Is it worth pursuing an intellectual property suit over the cover of an album depicting the picture of a banana? A band that broke up more than 30 years ago seems to think it is worth the cost, time and effort to protect its rights to a signed Andy Warhol design gracing the cover of “The Velvet Underground and Nico.”
Now-famous solo musicians Lou Reed and John Cale were among the four members of The Velvet Underground, who released the disputed album in the spring of 1967. Consumer response was tepid. The album sold just 10,000 copies, but the group later became well known to music fans in California and elsewhere.
Despite the poor album sales, the band’s original members are fighting to retain intellectual property rights to the design of the Warhol album cover. The Velvet Underground filed a lawsuit against the Andy Warhol Foundation for the Visual Arts.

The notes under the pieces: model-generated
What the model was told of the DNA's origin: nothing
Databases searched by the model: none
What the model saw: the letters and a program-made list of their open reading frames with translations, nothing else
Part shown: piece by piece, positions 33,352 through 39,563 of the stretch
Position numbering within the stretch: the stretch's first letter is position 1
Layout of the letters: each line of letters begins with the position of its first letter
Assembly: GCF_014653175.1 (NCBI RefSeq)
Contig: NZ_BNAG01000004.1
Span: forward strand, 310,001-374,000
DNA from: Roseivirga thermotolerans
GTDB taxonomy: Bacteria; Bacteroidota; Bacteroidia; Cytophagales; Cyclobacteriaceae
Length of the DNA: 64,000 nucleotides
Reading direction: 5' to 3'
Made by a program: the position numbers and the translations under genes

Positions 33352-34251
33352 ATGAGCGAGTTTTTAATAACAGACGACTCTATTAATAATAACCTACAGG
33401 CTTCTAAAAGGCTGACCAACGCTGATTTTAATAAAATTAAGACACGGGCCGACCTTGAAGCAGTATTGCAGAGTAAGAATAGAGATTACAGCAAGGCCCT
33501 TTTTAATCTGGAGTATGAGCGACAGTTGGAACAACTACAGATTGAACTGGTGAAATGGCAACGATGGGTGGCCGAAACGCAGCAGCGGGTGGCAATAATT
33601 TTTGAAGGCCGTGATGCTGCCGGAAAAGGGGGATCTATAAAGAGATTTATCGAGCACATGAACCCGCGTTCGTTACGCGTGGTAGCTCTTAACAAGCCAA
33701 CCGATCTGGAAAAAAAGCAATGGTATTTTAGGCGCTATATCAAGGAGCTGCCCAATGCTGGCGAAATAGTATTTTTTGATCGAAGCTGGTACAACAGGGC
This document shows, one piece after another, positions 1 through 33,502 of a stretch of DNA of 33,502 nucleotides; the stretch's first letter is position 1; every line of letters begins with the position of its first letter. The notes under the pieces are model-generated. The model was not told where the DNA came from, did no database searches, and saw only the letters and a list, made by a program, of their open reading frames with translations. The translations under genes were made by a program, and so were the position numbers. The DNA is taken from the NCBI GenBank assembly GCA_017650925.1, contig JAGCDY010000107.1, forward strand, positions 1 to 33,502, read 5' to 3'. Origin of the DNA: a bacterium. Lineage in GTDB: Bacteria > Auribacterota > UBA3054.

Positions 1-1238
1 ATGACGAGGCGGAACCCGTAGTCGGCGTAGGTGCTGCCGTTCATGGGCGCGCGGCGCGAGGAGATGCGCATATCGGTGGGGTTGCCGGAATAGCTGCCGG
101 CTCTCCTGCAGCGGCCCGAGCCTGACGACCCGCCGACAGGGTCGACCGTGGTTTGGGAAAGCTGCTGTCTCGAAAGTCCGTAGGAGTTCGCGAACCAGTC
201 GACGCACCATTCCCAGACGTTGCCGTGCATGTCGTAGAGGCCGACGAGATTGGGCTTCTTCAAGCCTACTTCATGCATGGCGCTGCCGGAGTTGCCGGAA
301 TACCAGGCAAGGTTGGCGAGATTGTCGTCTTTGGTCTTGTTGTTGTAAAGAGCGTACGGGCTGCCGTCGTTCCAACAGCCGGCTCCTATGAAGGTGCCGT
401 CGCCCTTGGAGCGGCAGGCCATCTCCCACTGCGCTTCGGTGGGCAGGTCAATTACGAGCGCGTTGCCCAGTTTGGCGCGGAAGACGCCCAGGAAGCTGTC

Band members were reportedly upset to learn that the foundation had sold the Warhol banana design to the manufacturer of iPod and iPad carrying cases. Although the former band members never registered the famous artist’s banana with the U.S. Patent and Trademark Office, members believe they own the design because they have had a 45-year association with it.
Court papers call the banana an iconic symbol of the band, designed for one album, but used as for later recordings. The Velvet Underground feels the banana and the band are so intertwined that the banana was once pictured in a vodka ad using the words “Absolut Underground.”
Legal experts say the band’s key to victory lies within its ability to prove that the public feels that the banana is an inseparable trademark. With Warhol being an equally iconic figure, the band’s attorneys will have to prove that people think of the band, and not the artist who created the iconic image, when they see it.
Source: online.wsj.com, “Warhol’s Banana in Lawsuit,” Ashby Jones, Jan. 12, 2012